Some Thoughts on Corporate Bond Spreads, Chinese Economic Trends

by: David Goldman

I was on The Kudlow Report last night. Here are the notes I sent to the CNBC producers for the show:

On Corporate Bond Spreads:

1) Corporate spreads are at post-collapse lows, but mortgage spreads are at all-time lows. There actually is an implosion of spread assets outstanding: the total universe of non-Treasury securities fell by 1% during 2009, compared to a gain of 8% during 2007.

2) Much of this is due to massive purchases of mortgage-backed securities by the Fed, which has bought $1 trillion worth of MBS since January 2009.
3) Total bank credit has also fallen by nearly $600 billion since September 2009 and continues to shrink at an unprecedented rate.
4) Corporations are hoarding cash rather than investing so credit quality has improved in some cases. S&P’s upgrade to downgrade ratio accordingly improved:
The improvement in balance sheets has occurred much faster than the recovery in profits:
This reflects cash hoarding. JP Morgan reports that non-financial corporations held $708 billion in cash at the end of 2009, compared to about $500 billion between 2004 and 2008.
5) Savings are increasing (personal savings running at 3% to 4% from 0% in 2008) so there is greater demand for securities.
6) As the baby boomers retire, savings demand will continue.
Conclusion: a combination of massive Federal Reserve intervention and a collapse in credit demand has reduced the total supply of spread assets by previously unseen margins just as the demand for savings instruments has risen.
On China:
1) The Chinese economy is doing well. The headline numbers are strong. There is some indication of overheating. Many manufacturing companies in Guangdong, for example, report labor shortages following the Chinese New Year as migratory workers did not return from their vacations. This reflects the success of the Chinese government’s efforts to push capital towards the interior of the country.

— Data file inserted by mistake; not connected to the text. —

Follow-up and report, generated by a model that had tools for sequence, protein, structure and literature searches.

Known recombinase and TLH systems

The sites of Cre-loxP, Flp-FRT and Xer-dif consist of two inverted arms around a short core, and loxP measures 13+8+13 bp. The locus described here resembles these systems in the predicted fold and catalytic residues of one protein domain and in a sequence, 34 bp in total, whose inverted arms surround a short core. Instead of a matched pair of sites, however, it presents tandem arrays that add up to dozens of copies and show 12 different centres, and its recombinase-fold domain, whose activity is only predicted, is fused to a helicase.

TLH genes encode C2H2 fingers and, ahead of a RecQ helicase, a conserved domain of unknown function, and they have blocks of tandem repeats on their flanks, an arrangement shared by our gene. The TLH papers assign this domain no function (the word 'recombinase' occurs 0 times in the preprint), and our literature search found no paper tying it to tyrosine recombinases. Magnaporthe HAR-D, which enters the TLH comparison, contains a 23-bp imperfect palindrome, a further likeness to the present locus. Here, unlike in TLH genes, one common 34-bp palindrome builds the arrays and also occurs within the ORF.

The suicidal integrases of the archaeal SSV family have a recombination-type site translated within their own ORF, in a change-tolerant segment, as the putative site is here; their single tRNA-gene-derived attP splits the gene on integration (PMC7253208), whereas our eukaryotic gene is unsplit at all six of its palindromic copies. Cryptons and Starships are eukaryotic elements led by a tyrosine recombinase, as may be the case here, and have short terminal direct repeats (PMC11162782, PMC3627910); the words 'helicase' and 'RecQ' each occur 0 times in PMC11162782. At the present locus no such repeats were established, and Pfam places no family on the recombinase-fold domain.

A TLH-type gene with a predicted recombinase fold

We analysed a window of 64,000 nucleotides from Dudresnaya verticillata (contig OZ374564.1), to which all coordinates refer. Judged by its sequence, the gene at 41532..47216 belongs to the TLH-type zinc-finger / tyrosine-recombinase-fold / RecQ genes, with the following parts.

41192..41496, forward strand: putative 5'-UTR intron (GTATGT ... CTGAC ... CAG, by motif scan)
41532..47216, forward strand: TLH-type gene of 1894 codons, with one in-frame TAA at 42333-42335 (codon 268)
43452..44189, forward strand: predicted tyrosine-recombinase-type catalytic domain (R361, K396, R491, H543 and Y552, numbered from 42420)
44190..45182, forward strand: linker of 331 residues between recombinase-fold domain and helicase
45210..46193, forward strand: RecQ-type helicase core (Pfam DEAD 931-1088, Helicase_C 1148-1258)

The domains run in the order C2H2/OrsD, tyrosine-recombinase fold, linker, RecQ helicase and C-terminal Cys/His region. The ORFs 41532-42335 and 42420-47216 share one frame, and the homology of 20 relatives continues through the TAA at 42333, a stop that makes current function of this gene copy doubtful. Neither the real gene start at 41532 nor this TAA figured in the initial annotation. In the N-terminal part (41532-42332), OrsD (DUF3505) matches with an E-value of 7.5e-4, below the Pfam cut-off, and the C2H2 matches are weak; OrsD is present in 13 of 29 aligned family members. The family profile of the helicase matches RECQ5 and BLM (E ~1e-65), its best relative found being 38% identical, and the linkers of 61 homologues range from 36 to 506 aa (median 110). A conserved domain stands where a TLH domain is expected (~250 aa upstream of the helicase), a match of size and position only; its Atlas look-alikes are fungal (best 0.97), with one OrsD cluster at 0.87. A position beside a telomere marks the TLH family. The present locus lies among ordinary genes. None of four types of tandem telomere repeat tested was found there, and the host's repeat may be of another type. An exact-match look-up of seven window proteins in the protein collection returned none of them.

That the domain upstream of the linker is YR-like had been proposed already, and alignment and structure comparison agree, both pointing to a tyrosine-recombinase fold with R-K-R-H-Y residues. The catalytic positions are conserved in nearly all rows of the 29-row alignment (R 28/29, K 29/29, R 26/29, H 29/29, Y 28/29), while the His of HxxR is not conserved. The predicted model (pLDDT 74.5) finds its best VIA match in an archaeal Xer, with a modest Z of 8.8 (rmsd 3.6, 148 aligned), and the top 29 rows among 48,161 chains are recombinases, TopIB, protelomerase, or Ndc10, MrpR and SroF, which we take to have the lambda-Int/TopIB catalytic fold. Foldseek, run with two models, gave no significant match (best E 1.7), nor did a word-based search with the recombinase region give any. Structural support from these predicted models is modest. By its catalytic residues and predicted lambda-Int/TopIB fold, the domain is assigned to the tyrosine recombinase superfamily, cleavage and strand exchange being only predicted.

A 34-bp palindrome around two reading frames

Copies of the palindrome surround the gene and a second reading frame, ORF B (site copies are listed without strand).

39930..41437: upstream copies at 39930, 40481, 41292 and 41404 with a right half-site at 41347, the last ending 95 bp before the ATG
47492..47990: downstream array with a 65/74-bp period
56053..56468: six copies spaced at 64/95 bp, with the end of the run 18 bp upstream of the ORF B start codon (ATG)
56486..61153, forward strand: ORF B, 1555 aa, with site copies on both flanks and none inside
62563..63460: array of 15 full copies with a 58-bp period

2) China’s banking system is a blunt instrument. The country lacks credit ratings, consumer credit reports, and all the other mechanisms that banks use to evaluate credit quality. The government responded to the 2009 crisis by ordering the banks to lend. Because the banking system lacks the infrastructure to evaluate credit (and we have seen that banks can get into enormous trouble even with all the credit information in the world), the result is a dangerous buildup of bad credit.
3) Both because of overheating and inflation risk, and the buildup of nonperforming loans on banks’ balance sheets, the government will turn the spigot off.
4) China’s economy will continue to grow but it simply lacks the infrastructure and financial mechanisms to grow at a rate sufficient to move the needle in the US economy.
5) Part of the manufacturing sector in the US will continue to benefit from rising export demand in China but the overall impact on the US economy will be limited (manufacturing is only 15% of total employment).